In order to clarify the impact of parameter optimization on calling accuracy, we measured the performance of perSVade’s SV calling on these samples and simulations. We found that the F-value after parameter optimization on “random” and “known” simulations was high (between 0.75 and 1.0) in most samples and SV types (with one exception in Drosophila melanogaster that yielded an F-value ~ 0.5). The F-value on “homologous” simulations was often lower (depending on the species), suggesting that SVs happening on regions with pairwise homology may be more difficult to resolve. As expected, the accuracy on “random” SVs was higher than on more realistic simulations (“known” and “homologous”), suggesting that it may overestimate real data accuracy. In general, the F-value was higher than the “default” setting in most species (except in C. neoformans), and the improvement was dramatic in some SV types (i.e., the F-value went from <0.1 to >0.95 in C. glabrata’s deletions or insertions) (Fig. 2). In addition, we found that parameter optimization increases recall rather than precision, which is >0.95 in most simulations and SV types (Additional file 1: Figure S3). We also found that using a single set of (global) parameters optimized for all SV types in a given sample yields an accuracy that is as high as using a set of parameters specifically for each SV type (Additional file 1: Figure S4). This validates our approach of running SV calling once (with a single set of parameters) for each sample. Taken together, our results suggest that parameter optimization yields maximum performance by improving the recall of SVs as compared to default parameters.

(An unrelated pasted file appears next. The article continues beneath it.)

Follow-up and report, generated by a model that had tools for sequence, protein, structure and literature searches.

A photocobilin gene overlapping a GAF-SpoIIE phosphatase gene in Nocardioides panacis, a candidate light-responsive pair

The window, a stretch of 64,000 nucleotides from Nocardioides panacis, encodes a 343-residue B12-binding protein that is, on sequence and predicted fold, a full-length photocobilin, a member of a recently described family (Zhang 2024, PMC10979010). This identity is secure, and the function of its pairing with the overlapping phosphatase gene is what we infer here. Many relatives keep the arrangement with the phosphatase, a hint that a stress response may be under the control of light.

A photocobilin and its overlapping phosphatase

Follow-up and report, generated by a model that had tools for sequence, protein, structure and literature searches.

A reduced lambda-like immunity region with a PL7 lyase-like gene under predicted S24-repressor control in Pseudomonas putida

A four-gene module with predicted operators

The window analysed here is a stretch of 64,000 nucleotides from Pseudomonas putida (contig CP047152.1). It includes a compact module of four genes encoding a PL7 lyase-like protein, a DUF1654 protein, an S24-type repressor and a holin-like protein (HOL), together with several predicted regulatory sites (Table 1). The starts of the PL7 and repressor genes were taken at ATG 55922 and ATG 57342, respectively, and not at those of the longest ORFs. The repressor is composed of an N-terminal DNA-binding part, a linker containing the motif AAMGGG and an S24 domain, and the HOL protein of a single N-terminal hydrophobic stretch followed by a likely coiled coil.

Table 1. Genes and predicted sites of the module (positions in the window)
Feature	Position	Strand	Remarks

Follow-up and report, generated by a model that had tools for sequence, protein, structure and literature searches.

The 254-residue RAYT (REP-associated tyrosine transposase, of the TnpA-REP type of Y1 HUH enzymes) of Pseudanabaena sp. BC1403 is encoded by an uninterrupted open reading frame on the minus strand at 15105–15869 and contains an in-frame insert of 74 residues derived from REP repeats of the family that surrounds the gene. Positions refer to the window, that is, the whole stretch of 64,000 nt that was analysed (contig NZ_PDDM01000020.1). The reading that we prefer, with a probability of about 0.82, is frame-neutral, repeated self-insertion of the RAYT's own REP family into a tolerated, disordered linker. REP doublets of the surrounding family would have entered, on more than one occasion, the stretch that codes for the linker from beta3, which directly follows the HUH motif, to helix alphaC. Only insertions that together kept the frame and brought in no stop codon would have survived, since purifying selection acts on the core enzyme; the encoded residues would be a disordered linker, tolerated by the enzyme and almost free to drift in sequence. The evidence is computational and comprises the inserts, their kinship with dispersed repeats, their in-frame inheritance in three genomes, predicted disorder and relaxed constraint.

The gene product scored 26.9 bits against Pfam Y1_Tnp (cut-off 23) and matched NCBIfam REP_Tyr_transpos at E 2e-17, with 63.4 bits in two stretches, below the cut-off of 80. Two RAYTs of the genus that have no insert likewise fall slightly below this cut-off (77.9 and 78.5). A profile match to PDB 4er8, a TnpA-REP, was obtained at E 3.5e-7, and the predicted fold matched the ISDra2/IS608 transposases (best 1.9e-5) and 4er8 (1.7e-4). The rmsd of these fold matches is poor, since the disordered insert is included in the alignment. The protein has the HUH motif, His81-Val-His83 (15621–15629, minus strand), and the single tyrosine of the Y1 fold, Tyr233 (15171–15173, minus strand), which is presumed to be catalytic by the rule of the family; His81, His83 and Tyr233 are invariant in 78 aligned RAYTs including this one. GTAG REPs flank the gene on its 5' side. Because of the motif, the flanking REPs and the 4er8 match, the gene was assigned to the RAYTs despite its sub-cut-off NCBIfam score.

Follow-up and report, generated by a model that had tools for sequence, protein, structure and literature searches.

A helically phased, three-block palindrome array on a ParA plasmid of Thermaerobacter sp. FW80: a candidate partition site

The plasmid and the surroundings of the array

Fig. 2
figure 2

PerSVade’s parameter optimization improves the SV calling accuracy on simulations. We ran perSVade’s SV calling on three samples / species for six eukaryotes (see “Methods”) using either “random,” “known,” or “homologous” simulations. These plots show the F-value of either default (gray) or optimized (red) parameters (for each sample and simulation type) on these simulations. The x axis represents the type of SV (deletions (del), tandem duplications (tan), inversions (inv), insertions (ins), translocations (tra), and the average of all SVs (all)). Note that Additional file 1: Figure S3 shows the corresponding precision and recall, from which the F-value is calculated

We next explored whether different runs of perSVade (i.e., in different species or simulation types) yield similar parameters, which may clarify how necessary this optimization is. We hypothesized that each sample and simulation type combination may require specific parameters that would not necessarily work for other samples. To test this, we first compared the chosen parameters across different runs, which appeared to be sample-specific (Additional file 1: Figure S5A). This suggests that there is not a universal recipe (i.e., filtering parameters) for SV calling with perSVade. However, another (null) hypothesis could be that different parameter sets have similar outcomes, without changing the SV calling accuracy. This question was highly important to us. If perSVade’s optimization converges to equivalent parameter sets in different samples we would not need the optimization on every sample (i.e., we could re-define one of these parameters as default). In order to sort this out, we evaluated how different parameter sets (either “default” ones or those that are defined as “optimum” for a given sample) work on simulated genomes related to other samples. The results of this analysis are shown in Fig. 3 and Additional file 1: Figure S6. As hypothesized, not all the parameter sets yield accurate results on all samples, with large differences between species (Fig. 3A). However, we found that parameters optimized for one sample are mostly accurate on samples of the same species, regardless of the simulation type (Fig. 3B). Of note, the parameters yielded by “random” simulations were accurate on “homologous” and “real” simulations (Fig. 3). This indicates that running perSVade on “random” simulations (the cheapest setting in terms of resources) yields accurate parameters for more realistic simulations and possibly real SVs. On another line, we found that the different parameters changed mostly the SV calling recall, and not the precision (Additional file 1: Figure S6).

Fig. 3
figure 3